Wednesday, August 25, 2010

This Book of Lists

I said I was going to share some of my favorite lists from this odd little book of lists, so here I am making good on the threat...

The Threefold Aim of Art

Aristotle believed there were three goals in artistic creation:

1. To induce relaxation and pleasure
2. To achieve purification of the soul, which leads to
3. Moral perfection

The Three Keys to Happiness at Work

According to Ruskin (1819-1900), three things are needed to make people happy in their work:

1. They must be fit for it
2. They must not do too much of it
3. They must have a sense of success in it

The Ten Categories

Aristotle named ten fundmental categories by which everything in the universe can be defined:

1. Being
2. Quantity
3. Quality
4. Relation
5. Doing
6. Suffering
7. Having (possessing)
8. Position
9. Place
10. Time

Schopenhauer's Thirty-eight Stratagems, or Thirty-eight ways to Win an Argument, is hilarious but I'm not typing that monster up.

It's really devious and it's exactly what everybody does.

I've just never seen people called on their bullshit so efficiently as Schopenhauer does here lol.

This little essay is truly a Classic.

I bet before you read the following you couldn't name more than two or three of these babies...

The Fifteen Tectonic Plates

Geologists who study the earth's surface believe these are the main plates that can move independently of each other:

1. African Plate
2. Antarctic Plate
3. Arabian Plate
4. Caribbean Plate
5. Caroline Plate
6. Cocos Plate
7. Eurasian Plate
8. Indian-Australian Plate
9. Juan De Fuca Plate
10. Nazca Plate
11. North American Plate
12. Pacific Plate
13. Philippine Plate
14. Scotia Plate
15. South American Plate

The Seven Primary Types of Odors

Some scientists believe that most odors can be classified into these groups:

1. Camphoraceous
2. Musky
3. Floral
4. Pepperminty
5. Etherlike
6. Pungent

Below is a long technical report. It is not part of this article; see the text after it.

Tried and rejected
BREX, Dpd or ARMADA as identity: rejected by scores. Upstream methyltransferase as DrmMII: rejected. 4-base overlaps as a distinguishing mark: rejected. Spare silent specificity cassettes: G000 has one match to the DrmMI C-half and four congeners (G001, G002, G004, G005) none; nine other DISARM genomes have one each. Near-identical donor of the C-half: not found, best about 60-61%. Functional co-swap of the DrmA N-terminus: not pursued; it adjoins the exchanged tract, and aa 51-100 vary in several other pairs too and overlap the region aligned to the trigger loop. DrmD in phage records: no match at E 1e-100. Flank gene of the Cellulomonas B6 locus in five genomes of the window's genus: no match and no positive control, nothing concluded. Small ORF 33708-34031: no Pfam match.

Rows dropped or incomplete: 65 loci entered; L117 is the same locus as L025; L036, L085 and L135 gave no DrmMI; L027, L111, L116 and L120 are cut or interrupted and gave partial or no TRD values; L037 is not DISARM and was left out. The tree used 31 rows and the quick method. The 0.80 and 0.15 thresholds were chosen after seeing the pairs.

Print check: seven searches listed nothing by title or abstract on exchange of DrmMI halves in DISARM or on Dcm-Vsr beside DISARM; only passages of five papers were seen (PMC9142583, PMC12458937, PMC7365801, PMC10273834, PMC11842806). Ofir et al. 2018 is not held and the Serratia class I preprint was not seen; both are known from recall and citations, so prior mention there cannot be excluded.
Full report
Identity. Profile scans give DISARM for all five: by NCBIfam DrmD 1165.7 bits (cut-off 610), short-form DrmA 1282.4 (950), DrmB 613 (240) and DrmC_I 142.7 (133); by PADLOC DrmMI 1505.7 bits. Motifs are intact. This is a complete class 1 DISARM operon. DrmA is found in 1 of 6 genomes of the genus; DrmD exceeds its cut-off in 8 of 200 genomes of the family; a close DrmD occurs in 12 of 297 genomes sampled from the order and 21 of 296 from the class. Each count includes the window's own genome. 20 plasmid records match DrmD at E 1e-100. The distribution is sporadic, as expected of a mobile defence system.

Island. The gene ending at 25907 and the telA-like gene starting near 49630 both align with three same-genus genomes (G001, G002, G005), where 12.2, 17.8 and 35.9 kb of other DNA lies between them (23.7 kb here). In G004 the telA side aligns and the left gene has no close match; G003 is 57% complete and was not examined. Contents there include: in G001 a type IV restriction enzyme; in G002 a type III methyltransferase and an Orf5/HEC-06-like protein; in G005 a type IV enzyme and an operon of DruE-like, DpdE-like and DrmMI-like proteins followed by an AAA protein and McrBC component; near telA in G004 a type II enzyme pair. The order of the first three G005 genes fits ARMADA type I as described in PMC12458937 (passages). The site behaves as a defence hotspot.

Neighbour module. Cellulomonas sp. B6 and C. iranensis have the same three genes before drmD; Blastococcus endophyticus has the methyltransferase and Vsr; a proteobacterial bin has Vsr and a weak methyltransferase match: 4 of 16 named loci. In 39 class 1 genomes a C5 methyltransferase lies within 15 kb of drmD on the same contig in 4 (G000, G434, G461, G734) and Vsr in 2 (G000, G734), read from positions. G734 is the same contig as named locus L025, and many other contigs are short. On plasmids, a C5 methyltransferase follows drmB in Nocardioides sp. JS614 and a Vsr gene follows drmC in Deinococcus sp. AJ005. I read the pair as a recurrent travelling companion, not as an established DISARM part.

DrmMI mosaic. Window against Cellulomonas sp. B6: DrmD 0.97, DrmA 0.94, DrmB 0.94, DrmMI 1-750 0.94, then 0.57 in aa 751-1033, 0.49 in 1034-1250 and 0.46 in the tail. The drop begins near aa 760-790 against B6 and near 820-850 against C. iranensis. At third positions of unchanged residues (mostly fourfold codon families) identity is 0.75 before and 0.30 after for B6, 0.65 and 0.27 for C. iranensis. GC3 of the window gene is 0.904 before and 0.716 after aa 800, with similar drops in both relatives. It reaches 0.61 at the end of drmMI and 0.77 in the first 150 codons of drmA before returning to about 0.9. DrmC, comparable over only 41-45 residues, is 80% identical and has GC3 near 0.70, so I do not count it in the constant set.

7. Putrid

I don't get the inclusion of "pungent." Any odor can be pungent. It's a subjective sense of the degree of an odor. Or that's always been my understanding. Granted, something that is pungent is usually considered unpleasant, but I could easily see someone referring to a "camphoraceous" or a "musky" odor as "pungent." How many people today know what ether smells like? Not many I'd wager. I'm imagining alcoholic spirits would fall into that "category." And there are so many different types of "putrid" odors. Do they mean to include sulfur here? Do they mean the smell of cadaverine in a rotting corpse? One could go on and one. The word itself implies rot, but there are many fetid odors which aren't even produced by rot or any catabolic process whatsoever. This is, to my mind, a very unsatisfactory list. Plus, we can all think of very distinct odors that aren't included on this list. What about the odor of plastics? Or other new synthetic substances, fabrics, etc. The smell of burnt gunpowder? I suspect they were using that bullshit "pungent" category as a catch-all.

And many musical pieces, paintings, stained glass windows, sculptures and poems have been written or created around these...

The Fourteen Stations of the Cross

Fourteen episodes that occurred during the Passion of Christ are set chronologically as stations or shrines for devotions and meditation. The fourteen events are:

1. the sentencing by Pilate
2. the receiving of the Cross
3. falling the first time
4. the meeting with His Mother
5. the compelling of Simon of Cyrene to carry the cross
6. the wiping of His face by Veronica
7. falling the second time
8. exhorting the women of Jerusalem
9. falling the third time
10. the stripping of His clothes
11. the crucifixion
12. His death
13. the taking down of His body from the cross
14. the burial of His body

For some reason, I thought the Harrowing of Hell figured in here. But I guess that comes after.


  1. "There is nothing more wonderful than a list, instrument of wondrous hypotyposis." —Umberto Eco, The Name of the Rose

  2. I love the way you think (and talk) about language's skeleton.

    They seduce me. Lists.

    I have a love of the list poem too.

    Elaine Equi is probably my favorite when it comes to list poems.

  3. Now that I bathed in hypotyposis today, I wonder if that's the word Eco actually wanted there?

    Blasphemous to question such a keen linguistic mind.

    But I'm trying to remember the rhetorical term for linguistic compression or shorthand...there is a "hypo" word for that but it evades me.

    And that would make sense in the context of lists, which are known for this.

    They're not usually known for their vividness or enargia or hypotyposis; although I suppose some lists possess that.